How Health Insurance Works (And Why Knowing Can Save You Money)
Health insurance is by far one of the most confusing things people have to understand. It’s not something that’s taught in school, and by the time you need it, it can be embarrassing to admit your lack of knowledge. So, you muddle through, try your best, and get by without ever truly understanding how health insurance works. Consequently, you may be paying more for health care than you need to be.
Well, all that changes today.
The best way I’ve heard health insurance explained was by comparing it to car ownership. When you own a car, you make monthly payments toward your car insurance and loan; it’s a set amount that doesn’t change from month to month. This is similar to your insurance premium that you have to pay every month to your health care provider.
Then, there are routine payments you expect to make. For a car, this could mean filling up on gas or replacing a tail light. For insurance, this is similar to your copayment or sometimes coinsurance. A copayment is a fixed amount (e.g. $25) for a covered service. Coinsurance, on the other hand, is a set percentage of the cost of a covered service that you’ll pay after you’ve met your deductible. So, when you go to the doctor for a checkup or to fill a prescription, these are extra costs you pay on top of your monthly premium.
Lastly, there are the occasional large, unexpected expenses like an accident or broken windshield. When it comes to the bigger unplanned expenses in health care, such as a surgery or broken bone, health insurance gets a little more complicated.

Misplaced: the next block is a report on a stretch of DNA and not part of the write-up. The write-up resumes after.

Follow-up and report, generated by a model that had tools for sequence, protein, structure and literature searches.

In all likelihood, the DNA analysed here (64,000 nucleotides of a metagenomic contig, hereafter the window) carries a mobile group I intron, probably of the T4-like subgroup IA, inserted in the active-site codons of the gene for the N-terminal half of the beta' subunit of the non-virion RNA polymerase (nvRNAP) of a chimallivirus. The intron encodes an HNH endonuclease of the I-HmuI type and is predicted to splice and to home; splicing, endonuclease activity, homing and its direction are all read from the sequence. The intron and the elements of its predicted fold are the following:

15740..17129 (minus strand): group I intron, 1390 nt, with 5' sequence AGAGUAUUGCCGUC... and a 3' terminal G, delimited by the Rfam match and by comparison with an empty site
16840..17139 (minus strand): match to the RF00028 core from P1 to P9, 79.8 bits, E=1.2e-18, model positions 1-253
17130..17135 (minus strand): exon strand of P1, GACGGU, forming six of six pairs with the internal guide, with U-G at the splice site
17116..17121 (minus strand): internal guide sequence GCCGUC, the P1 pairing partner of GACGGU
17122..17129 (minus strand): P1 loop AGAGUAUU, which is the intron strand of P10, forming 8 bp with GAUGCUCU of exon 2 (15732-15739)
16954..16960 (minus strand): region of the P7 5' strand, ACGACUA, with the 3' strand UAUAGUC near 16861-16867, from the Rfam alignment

The first thing to keep in mind is your deductible. Your annual deductible is a predetermined amount you have to meet before your health insurance will cover anything else (except for some free preventative services). These can range from $500 to $3000 or more, depending on your plan. You must pay your entire deductible before using your insurance. Once your deductible is met, your coinsurance kicks in. So, for example, let’s say you have hip replacement surgery for $30,000; your deductible is $2,000 and your coinsurance is 30 percent. You would first pay your $2,000 deductible, then 30 percent of the remaining $28,000, or $8,400.
However, there is an out-of-pocket maximum to consider. In 2017, the out-of-pocket medical expense limit was $7,150 for an individual and $14,300 for families. So, the maximum amount you would have to pay would be one of those amounts, and insurance would cover the rest.
So, How Do You Save Money?
The most efficient way to save money is by choosing a plan that best meets your needs. Choosing between a high deductible plan (HSA) or more traditional PPO plan can be what makes or breaks the bank. With a high deductible plan you’ll be paying a lower premium every month, but have higher out-of-pocket costs for medical expenses. With a traditional health plan, you’ll be able to have your insurance kick in faster, but the monthly premiums can be a higher cost.
We get it—health insurance can be confusing (even to those of us who work in this space!). However, we hope this post has provided a bit more clarity, along with a few tips to lower your costs.